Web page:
Still, the Mercury haven’t sniffed the WNBA finals in four years. There are numerous factors to that drought, like the fact that Taurasi sat out the entire 2015 WNBA season because her overseas team—UMMC Ekaterinburg in Russia—offered to pay her WNBA salary on top of her base earnings to rest her body. That same year, the rivalry and dominance of the Minnesota Lynx and the Los Angeles Sparks—both powerhouse teams with talent-stocked rosters from top to bottom—took over the league. The Lynx won the title in 2015, then the Sparks took it in 2016. Last season, it was the Lynx again.
This year, Taurasi will tell you the Mercury have a good shot of breaking up the Lynx-Sparks rivalry. She says she’s in the best shape of her life, key players are healthy, and, if Brittney Griner can return to the same form she started off with in 2017 before suffering a late-season injury, a playoff run looks entirely possible. Taurasi wants another championship, another ring. It would only add to her incredible legacy.
To say that Taurasi’s career has been all triumph, however, would be misleading. She’s had her fair share of missteps and controversy, both on and off the court. Early in her career, in 2009, she was pulled over and arrested for speeding and driving under the influence. Taurasi ended up pleading guilty to a DUI and served one day in jail after a judge commuted her 10-day sentence. Then, in late 2010, she was falsely accused of taking performance-enhancing drugs after she tested positive during a routine drug test while playing overseas for Fenerbahçe in Istanbul. Fenerbahçe terminated Taurasi’s contract and she fought the charges as hard as she does when she’s playing a playoff game down the stretch—she wasn’t going to go out like that.
On the court, Taurasi’s been known to lose her temper. In 2013, she was suspended by the WNBA for accumulating too many technicals. And in 2016, it took her just 22 games before the same thing happened. Last season, she went as far as to clock a player in the back of the head with her forearm, prompting yet another suspension. For most of her career, Taurasi has led the league in technical fouls, and it’s something she’s not embarrassed about in the slightest. A technical foul to Taurasi is just another move of the chess piece, a way to gain a competitive advantage, an edge.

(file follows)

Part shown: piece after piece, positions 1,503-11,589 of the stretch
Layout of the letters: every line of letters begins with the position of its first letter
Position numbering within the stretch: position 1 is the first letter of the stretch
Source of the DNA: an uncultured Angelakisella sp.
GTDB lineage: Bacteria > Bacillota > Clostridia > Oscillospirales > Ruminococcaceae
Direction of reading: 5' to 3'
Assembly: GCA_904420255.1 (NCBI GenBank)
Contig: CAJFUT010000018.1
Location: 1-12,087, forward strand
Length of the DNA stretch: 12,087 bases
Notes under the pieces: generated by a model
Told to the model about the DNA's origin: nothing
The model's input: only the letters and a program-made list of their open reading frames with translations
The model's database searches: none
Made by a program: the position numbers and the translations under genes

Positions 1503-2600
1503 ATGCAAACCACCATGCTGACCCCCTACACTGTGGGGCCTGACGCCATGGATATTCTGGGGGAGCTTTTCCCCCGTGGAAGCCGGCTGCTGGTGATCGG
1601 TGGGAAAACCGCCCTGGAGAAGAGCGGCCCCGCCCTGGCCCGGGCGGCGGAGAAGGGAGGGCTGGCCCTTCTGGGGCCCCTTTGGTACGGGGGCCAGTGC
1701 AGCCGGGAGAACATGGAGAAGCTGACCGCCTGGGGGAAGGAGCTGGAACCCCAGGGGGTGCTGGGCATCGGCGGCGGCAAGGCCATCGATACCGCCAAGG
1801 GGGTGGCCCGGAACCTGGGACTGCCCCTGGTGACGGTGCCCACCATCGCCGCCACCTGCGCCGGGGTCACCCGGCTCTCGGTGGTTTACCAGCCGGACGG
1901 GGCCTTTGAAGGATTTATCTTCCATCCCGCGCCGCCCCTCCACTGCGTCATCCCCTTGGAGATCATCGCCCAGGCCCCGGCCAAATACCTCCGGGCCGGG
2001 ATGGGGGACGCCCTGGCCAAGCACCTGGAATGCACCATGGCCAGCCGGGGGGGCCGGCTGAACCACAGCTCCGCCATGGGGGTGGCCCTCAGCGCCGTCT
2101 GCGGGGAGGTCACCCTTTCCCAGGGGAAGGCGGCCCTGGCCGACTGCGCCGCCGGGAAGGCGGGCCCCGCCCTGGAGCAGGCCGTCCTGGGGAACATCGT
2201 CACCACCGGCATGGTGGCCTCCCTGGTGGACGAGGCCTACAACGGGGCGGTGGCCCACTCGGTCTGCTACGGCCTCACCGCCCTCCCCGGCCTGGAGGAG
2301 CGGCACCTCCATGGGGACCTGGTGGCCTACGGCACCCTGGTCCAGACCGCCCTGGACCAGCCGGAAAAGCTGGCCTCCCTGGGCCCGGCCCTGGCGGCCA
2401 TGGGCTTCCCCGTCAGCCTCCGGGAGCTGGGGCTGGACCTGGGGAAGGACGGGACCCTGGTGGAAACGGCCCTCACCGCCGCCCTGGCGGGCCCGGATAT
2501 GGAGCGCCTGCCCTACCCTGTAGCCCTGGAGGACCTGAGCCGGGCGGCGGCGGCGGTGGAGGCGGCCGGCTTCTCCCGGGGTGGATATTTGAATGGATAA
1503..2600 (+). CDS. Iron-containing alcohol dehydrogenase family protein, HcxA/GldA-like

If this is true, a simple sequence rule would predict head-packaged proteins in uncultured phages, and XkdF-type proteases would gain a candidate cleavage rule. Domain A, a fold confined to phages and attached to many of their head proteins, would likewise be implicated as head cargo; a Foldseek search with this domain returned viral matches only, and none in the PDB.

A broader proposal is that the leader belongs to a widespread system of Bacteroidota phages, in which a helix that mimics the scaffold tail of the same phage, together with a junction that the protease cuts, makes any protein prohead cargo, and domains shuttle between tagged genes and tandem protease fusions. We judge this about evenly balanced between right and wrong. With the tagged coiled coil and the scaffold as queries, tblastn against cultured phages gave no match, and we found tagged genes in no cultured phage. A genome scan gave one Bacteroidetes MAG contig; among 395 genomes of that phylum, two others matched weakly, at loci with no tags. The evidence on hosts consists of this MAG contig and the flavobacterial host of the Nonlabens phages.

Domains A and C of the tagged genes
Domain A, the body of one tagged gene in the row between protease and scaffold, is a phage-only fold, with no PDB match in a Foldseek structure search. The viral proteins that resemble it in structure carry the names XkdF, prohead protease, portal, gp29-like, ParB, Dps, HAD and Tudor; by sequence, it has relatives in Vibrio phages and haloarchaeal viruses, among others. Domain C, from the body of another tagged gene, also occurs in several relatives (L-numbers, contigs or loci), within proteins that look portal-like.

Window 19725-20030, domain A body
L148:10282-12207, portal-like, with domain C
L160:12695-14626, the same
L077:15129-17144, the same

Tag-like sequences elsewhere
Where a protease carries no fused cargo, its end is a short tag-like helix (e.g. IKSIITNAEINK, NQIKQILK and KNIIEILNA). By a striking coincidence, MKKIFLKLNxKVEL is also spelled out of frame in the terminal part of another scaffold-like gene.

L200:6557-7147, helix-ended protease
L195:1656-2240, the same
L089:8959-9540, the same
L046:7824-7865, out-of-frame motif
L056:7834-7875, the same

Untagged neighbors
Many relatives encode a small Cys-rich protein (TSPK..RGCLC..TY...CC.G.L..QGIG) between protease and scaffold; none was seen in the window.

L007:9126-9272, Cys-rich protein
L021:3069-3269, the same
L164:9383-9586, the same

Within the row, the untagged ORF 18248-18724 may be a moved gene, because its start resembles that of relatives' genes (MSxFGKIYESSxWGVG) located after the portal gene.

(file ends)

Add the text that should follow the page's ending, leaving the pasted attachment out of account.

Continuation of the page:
Taurasi affectionately calls basketball a game of mistakes. She says you can’t make the same one twice or it will cost you. And that’s the battle. It’s learning from those mistakes that she aspires to every time she steps on the court, and perhaps even in life.
Today, Taurasi’s status as one of the all-time basketball greats is not even a question, just an evolving fact. Now, as she begins to look back over her career and starts the 2018 season, Taurasi is reflective about how she’s changed. “I like to say I’m a lot different in a lot of ways, but I also like to say that I’m the same in a lot of ways,” she says.”When you play a long time and you get a little older, you can get a little skeptical and become a little bit of a pessimist, and that experience plays against you. I felt like this year, I had little goals and that was to be naive again and to enjoy the moment again.”
At this point in her career and life, Taurasi’s overall accomplishments have surpassed even her wildest expectations—especially off the court. Last year, Taurasi married her former Mercury teammate Penny Taylor. This past March, they welcomed their son, Leo. “I actually was of the thinking that I was never going to get married and never have a family, to tell you the truth,” Taurasi says with a laugh. “I was just always kind of a free spirit with a wild side, but when you a meet a person that just makes you better and makes you better at life, your mindset changes. Then as you get older, different things come into play. Fifteen years ago, I would have said no way. Sitting here now being 35, there’s no other way I’d want it.”
For Taurasi, opening up about her personal life is a big deal. Throughout her playing career, she has been very private about everything but basketball. But as she’s gotten older, Taurasi says she’s realized that some things are worth talking about, especially the birth of her son.